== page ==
Why I Am a Salafi by Michael Muhammad Knight (Soft Skull) - Knight invites readers into “the desert of the real Islam,” offering a deconstructionist take on Islamic texts, tradition, transmission, and theology. Known for celebrating “an Islam of rejected possibilities and subaltern voices,” Knight takes a different tack here by focusing on the fundamentalist perspective. What he discovers is a personalized Salafism that focuses on his individual quest for spiritual origins. For much of the book Knight explains his personal evolution as a converted Muslim through discussions of his early, formative reading experiences (The Autobiography of Malcolm X, Yusuf Ali’s The Meanings of the Holy Qur’an) simultaneously introducing readers to many narratives, names, and notables from Islamic history. Yet his conclusion lacks insightful commentary on the habits of this lived and communal “post-authentic Islam,” which does the practicing Muslim reader little good. For Knight, there is no authentic, orthodox, or authoritative Islam, but instead a tangle of traditions.

The Beautiful Bureaucrat by Helen Phillips (Holt) - Phillips's (And Yet They Were Happy) novel incisively depicts the corporate hell in which young drones toil in faceless buildings, sorting meaningless files according to inscrutable policies. Josephine Anne Newbury takes a data-entry job and finds she can't quite leave her work at the office; her husband and friends suddenly seem less real than Room 9997, where Josephine compiles a mysterious and massive database that seems to dictate reality itself, while warding off Trishiffany, her workplace "frenemy” from the so-called Department of Processing Errors. Discovering that she can't quit—the rules don't allow it—and realizing that she never caught her direct superior's name, Josephine wonders if she's losing her mind, fears she's somehow pregnant by data, then becomes convinced of her husband's imminent demise because a file contains the date of his death. Phillips's black comedy of white-collar life doesn't reinvent the meaning of the word Kafkaesque, and to its credit, it doesn't try. The novel has enough horror and mordant humor to carry the reader effortlessly through its punchy send-up of entry-level institutionalization.

Death in Florence: The Medici, Savonarola, and the Battle for the Soul of a Renaissance City by Paul Strathern (Pegasus) - Eschewing a one-sided approach, Strathern (The Venetians) fashions an engrossing portrayal of the two legendary 15th-century figures who shaped Renaissance Florence: Lorenzo (the Magnificent) de’ Medici and Girolamo Savonarola. Lorenzo, self-indulgent yet capable, was head of the city-state’s most powerful family, and used his “diplomatic skill” to cement Florence as a major power and forge an alliance with Pope Innocent VIII. Savonarola was a fiery monk whose severe shift toward a charismatic asceticism ironically placed him in direct conflict with multiple popes. Strathern demonstrates a thorough understanding of the city-state’s internal and external influences, and he walks readers through the tumultuous transition from the Medieval era to the Renaissance’s “new vision of humanism.” In well-considered prose, Strathern argues that these two figures battled for the “direction that humanity should take,” further illustrating the struggle for Florence’s soul via Savonarola-convert Sandro Botticelli’s artistic descent from exuberant classicism to brimstone imagery.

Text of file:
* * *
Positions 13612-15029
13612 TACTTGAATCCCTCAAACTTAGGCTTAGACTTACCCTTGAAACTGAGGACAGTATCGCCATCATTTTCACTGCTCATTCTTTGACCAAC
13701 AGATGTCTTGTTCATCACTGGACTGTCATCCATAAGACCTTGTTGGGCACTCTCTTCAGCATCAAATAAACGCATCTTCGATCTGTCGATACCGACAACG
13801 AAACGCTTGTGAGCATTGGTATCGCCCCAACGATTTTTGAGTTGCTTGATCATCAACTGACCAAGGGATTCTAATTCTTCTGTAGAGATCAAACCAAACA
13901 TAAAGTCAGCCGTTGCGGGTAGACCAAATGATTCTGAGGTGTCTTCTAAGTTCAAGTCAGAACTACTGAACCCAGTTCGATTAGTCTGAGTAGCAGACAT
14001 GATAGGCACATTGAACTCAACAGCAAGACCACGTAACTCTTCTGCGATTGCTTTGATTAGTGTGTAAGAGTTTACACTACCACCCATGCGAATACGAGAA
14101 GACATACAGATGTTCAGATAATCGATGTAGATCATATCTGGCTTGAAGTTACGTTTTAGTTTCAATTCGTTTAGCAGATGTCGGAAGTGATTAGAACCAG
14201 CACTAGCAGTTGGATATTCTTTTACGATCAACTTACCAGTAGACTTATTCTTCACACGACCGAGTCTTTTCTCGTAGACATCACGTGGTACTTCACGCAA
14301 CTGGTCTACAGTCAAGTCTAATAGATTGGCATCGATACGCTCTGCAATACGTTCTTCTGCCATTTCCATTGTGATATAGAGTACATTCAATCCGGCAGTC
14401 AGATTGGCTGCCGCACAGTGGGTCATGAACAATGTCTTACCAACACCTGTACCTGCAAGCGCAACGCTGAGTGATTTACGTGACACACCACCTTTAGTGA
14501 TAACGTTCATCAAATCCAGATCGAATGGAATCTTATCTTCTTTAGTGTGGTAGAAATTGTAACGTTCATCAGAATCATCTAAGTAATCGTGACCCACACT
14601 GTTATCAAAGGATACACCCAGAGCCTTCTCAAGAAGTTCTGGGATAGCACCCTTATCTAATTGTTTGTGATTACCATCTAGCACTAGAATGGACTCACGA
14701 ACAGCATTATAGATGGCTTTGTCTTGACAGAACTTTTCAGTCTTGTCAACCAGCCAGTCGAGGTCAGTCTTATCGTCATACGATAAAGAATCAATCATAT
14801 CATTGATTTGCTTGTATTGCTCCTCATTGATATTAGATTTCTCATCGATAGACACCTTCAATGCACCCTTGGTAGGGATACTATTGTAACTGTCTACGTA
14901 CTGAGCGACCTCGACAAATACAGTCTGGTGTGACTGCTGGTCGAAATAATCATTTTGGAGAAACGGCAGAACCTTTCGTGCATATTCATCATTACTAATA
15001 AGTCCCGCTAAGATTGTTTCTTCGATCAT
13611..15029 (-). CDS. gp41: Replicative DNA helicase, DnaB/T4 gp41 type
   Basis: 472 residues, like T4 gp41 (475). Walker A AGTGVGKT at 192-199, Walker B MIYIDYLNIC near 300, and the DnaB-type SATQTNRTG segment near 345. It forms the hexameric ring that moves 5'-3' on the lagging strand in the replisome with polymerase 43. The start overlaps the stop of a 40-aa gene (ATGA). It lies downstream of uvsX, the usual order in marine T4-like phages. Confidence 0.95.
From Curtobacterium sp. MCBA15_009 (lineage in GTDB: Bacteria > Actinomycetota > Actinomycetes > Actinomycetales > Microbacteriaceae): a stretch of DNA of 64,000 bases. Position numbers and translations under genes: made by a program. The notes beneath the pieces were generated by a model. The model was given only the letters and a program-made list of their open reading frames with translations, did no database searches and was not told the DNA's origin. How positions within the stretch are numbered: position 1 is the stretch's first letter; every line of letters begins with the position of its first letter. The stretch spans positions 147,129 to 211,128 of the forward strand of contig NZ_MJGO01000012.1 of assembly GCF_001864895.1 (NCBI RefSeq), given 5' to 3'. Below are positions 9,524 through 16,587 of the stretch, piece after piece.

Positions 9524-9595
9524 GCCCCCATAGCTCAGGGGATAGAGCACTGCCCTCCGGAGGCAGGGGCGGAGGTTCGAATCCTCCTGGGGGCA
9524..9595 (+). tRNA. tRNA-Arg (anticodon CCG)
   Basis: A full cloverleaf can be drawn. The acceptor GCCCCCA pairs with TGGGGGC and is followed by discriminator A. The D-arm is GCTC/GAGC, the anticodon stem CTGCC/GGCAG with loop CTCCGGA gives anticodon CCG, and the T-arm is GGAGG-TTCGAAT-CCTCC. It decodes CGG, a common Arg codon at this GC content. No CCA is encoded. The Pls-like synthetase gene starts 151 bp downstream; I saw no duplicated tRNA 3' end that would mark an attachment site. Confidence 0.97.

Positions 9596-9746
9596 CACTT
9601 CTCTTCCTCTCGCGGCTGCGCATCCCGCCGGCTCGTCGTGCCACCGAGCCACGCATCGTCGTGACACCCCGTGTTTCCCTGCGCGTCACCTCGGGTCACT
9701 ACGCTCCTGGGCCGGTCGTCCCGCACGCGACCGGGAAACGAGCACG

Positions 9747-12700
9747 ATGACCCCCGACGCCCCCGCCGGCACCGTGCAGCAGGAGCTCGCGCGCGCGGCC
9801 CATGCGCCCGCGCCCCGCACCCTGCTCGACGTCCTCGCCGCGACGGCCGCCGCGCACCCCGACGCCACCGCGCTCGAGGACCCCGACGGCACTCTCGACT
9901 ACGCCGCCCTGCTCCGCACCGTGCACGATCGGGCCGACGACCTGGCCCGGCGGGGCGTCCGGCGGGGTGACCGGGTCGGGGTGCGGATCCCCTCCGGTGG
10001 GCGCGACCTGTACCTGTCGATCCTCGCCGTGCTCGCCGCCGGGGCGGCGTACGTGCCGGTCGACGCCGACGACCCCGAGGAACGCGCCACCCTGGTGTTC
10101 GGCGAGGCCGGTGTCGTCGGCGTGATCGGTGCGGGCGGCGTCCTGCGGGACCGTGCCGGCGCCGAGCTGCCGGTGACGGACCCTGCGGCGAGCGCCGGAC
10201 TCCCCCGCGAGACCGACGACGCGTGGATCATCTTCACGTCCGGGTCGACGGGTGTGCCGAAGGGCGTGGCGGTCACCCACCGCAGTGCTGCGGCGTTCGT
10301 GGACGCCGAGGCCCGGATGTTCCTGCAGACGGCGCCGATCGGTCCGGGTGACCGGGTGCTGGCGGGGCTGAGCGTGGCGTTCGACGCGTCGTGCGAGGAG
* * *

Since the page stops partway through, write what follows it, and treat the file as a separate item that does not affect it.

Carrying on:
America's Secret Jihad: The Hidden History of Religious Terrorism in the United States by Stuart Wexler (Counterpoint) - Wexler convincingly makes the case that America has been victimized by significant domestic terrorism for over half a century, much of it inspired by Christian Identity, a theology that “identifies Jews as the spawn of the devil.” He links atrocities familiar (the Oklahoma City bombing in 1995) and less so (attacks on synagogues in the South during the 1950s) to paint a disturbing picture with practical implications for the War on Terror. Most readers will be surprised by the book’s contention that since 9/11, more people in the U.S. have been killed by far right extremists than by those linked or sympathetic to al-Qaeda. Wexler’s deliberate and critical review of the evidence is also likely to prompt reconsideration of the possibility of wider conspiracies behind Martin Luther King Jr.’s assassination and the Atlanta child murders of 1979–1981. His careful documentation of a religious—as opposed to exclusively racist—motivation for these acts of terror buttresses those, like President Obama, who refuse to recast the War on Terror as a War on Radical Islam.